President Obama sent message to Chicago — but who heard it?
BY MARY MITCHELL email@example.com August 13, 2012 8:06PM
Updated: September 15, 2012 6:19AM
After enduring weeks of poking, on Saturday President Barack Obama finally addressed the violence taking place in his adopted hometown.
“We have to provide stronger role models than the gang-banger on the corner,” Obama said in a videotaped message.
“All of us have to make safer streets our cause.”
Unfortunately, only a few people who needed to hear the president’s message likely heard it.
That’s because the videotaped message wasn’t played at the annual event that draws tens of thousands of spectators.
Beverly Scott of the Chicago Defender Charities said the video landed in her e-mail about 3 a.m. Saturday. She turned it over on Saturday morning to Central City Productions, the company that has produced the live broadcast of the Bud Billiken Parade for the past 38 years.
But WCIU-TV was the only station that aired the president’s anti-violence message.
Don Jackson, chairman and CEO of Central City Productions, explained how he thinks the president’s message got lost.
“[Parade organizers] didn’t give it to us until the morning of the parade,” he said. “There was very little time set aside for the Chicago Defender Charities or us to mention it or send out any type of notice to the press,” Jackson said.
Obama had declined the invitation to serve as grand marshal in this year’s parade. But he sent Deputy Assistant Michael Strautmanis, who is a trusted aid to presidential adviser Valerie Jarrett, to represent Obama and First Lady Michelle Obama.
The president’s absence was a particular burn to some of the parade organizers.
For one thing, they had chosen as a theme: “Education: Built to Last; A Tribute to President Barack Obama.” And given Chicago’s growing reputation as a violent city, it seemed only fitting that a president who was from the city would be especially concerned.
Robert Sengstacke, whose roots go back to the paper’s founding publisher, was still making appeals to Obama the day before the parade kicked off.
“With less than 100 days until the election, your loyal supporters are dedicated to moving forward in a unified effort for “Obama for America’s” participation in the 83rd Annual Bud Billiken Parade and Picnic,” Sengstacke wrote in a press release.
Had it actually aired, the videotaped anti-violence message would have been a brilliant compromise.
“Hello South Side,” Obama said cheerfully.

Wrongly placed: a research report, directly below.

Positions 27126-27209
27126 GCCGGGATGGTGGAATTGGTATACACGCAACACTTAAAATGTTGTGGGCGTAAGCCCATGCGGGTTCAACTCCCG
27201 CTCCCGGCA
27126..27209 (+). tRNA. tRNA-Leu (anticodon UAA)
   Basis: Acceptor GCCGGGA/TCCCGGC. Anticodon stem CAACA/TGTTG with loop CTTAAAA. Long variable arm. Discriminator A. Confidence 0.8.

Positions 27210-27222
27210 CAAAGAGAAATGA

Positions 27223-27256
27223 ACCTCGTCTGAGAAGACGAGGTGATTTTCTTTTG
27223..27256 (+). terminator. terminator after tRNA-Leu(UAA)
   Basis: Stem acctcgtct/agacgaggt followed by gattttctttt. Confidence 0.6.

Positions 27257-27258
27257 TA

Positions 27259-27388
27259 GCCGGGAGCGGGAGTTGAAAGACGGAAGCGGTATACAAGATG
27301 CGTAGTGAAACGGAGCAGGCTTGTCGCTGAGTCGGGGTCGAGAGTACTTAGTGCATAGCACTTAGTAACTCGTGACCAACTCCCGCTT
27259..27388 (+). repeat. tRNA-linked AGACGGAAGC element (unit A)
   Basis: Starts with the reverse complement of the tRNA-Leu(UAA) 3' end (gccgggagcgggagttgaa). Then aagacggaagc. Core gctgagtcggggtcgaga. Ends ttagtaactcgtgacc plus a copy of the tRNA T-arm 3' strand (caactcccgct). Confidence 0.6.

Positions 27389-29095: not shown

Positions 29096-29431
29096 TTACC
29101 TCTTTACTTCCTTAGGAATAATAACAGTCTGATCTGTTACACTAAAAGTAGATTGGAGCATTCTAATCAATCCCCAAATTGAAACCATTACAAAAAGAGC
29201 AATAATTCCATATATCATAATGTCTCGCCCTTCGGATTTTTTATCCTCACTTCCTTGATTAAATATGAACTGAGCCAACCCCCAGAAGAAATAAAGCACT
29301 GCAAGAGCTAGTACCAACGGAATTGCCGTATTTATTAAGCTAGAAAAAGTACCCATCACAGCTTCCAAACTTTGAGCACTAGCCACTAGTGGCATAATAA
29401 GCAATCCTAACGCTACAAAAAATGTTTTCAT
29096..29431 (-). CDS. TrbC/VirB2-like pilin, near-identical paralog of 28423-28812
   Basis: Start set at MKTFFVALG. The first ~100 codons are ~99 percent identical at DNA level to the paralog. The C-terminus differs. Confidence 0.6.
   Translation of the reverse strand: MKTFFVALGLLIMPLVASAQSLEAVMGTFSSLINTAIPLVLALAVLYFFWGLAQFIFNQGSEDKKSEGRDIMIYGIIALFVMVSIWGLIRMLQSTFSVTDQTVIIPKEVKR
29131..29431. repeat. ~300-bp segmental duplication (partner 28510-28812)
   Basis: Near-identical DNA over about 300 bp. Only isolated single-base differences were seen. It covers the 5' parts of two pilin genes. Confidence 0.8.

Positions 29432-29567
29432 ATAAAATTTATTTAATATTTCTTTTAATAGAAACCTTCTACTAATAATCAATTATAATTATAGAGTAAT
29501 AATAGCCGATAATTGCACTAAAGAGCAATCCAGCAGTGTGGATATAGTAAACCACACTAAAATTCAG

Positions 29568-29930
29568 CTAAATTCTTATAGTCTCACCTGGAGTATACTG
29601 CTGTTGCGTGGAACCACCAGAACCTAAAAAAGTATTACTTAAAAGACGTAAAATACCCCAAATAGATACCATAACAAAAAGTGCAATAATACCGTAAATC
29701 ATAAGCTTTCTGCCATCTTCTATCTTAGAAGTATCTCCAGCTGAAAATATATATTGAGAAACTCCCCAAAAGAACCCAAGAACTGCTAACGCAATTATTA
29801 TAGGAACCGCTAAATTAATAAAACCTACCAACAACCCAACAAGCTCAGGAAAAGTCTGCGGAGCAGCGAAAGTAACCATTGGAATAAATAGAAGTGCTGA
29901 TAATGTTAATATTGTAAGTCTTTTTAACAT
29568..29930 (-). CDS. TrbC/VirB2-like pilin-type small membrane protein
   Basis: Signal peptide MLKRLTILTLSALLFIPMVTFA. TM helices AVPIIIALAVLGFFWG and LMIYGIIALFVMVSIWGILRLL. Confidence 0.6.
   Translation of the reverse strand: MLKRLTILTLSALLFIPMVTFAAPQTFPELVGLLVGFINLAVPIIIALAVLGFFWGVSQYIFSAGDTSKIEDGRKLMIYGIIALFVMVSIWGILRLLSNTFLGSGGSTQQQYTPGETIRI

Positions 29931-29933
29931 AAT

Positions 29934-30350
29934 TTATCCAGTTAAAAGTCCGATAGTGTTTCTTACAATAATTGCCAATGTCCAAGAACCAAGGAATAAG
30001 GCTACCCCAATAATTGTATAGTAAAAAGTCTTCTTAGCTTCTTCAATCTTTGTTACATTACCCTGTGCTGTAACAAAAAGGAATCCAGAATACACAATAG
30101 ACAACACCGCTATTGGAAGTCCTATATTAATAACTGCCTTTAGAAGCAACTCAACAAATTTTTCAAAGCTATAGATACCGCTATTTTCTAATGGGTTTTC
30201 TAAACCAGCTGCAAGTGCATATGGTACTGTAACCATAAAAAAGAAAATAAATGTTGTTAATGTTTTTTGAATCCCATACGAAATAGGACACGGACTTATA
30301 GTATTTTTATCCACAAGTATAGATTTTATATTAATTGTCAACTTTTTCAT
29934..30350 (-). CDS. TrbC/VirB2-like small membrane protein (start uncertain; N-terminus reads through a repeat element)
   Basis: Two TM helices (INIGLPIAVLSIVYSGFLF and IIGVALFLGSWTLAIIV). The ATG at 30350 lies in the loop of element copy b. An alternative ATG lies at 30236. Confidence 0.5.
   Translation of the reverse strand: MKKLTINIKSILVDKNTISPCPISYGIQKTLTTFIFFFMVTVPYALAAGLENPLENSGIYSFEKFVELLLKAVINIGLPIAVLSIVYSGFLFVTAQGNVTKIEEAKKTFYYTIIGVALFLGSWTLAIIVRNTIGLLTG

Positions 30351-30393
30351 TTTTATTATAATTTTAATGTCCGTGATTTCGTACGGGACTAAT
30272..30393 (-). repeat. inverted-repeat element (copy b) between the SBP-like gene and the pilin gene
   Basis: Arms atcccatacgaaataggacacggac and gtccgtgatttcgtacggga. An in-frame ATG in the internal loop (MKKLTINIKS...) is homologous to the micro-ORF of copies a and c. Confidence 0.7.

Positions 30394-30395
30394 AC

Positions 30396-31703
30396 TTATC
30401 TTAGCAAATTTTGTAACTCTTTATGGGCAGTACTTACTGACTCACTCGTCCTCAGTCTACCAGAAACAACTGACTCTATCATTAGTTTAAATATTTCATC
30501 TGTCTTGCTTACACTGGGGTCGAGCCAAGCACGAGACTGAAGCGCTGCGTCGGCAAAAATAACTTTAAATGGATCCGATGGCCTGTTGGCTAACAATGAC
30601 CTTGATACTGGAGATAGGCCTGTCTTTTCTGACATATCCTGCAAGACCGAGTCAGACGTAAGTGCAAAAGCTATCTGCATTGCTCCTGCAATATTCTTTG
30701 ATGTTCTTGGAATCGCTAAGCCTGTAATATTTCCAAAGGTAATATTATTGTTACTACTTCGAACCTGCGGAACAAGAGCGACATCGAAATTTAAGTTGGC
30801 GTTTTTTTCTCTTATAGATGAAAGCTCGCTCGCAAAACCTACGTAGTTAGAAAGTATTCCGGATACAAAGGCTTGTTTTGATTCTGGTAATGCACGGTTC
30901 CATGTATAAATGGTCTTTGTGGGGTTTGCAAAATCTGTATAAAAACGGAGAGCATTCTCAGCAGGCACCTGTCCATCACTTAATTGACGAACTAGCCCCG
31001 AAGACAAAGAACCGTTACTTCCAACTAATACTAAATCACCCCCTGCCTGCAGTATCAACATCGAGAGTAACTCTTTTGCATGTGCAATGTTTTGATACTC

“I wish I could be there with you today. I just want to take a moment to thank Col. Scott and the Chicago Defender Charities not only for putting on this incredible parade, but also for the work you do every day to support all our kids,” he said.
Scott once considered starting an online petition to pressure Obama to participate in the storied parade.
But now all is forgiven.
“We understood the president could not be in the parade due to the extreme security issue,” she told me on Monday.
“We are taking up the president’s mantle.” We are partnering with Chicago Public Schools, City Colleges and community organizations to engage these parade participants in activities and events that will encourage and continue to motivate them to stay focused on education.”
Local journalists and bloggers, including Carol Marin and Stella Foster, had also challenged Obama to come to Chicago to speak out about the violence.
Although no one really expects the president to solve the problem, his encouragement may help others to take a stand.
At least 21 people, including a 15-year-old boy, were shot over the same weekend the president was in town fund-raising.
In the 1.48-minute video address, the
president called on “law enforcement, educators, clergy, parents and young people to redouble . . . efforts to fight this epidemic of violence.
“Even as we come together for this
parade, we know there have been too
many mindless acts of violence in our
communities,” Obama said. “We grieve
for the children who have been taken from us.”
Coming when it did, the anti-violence message might resonate with young people, Jackson told me.
“[The president] spoke out in the
context of a special that showcased our youth and not just in a news program,” he said.
“[The president] called on us to take responsibility for the violence in our community so that they could go back to school in a safer environment.”
Coming from the nation’s first black president, that’s a powerful message.
But only when the young black people who are living in Chicago’s troubled neighborhoods can actually hear it.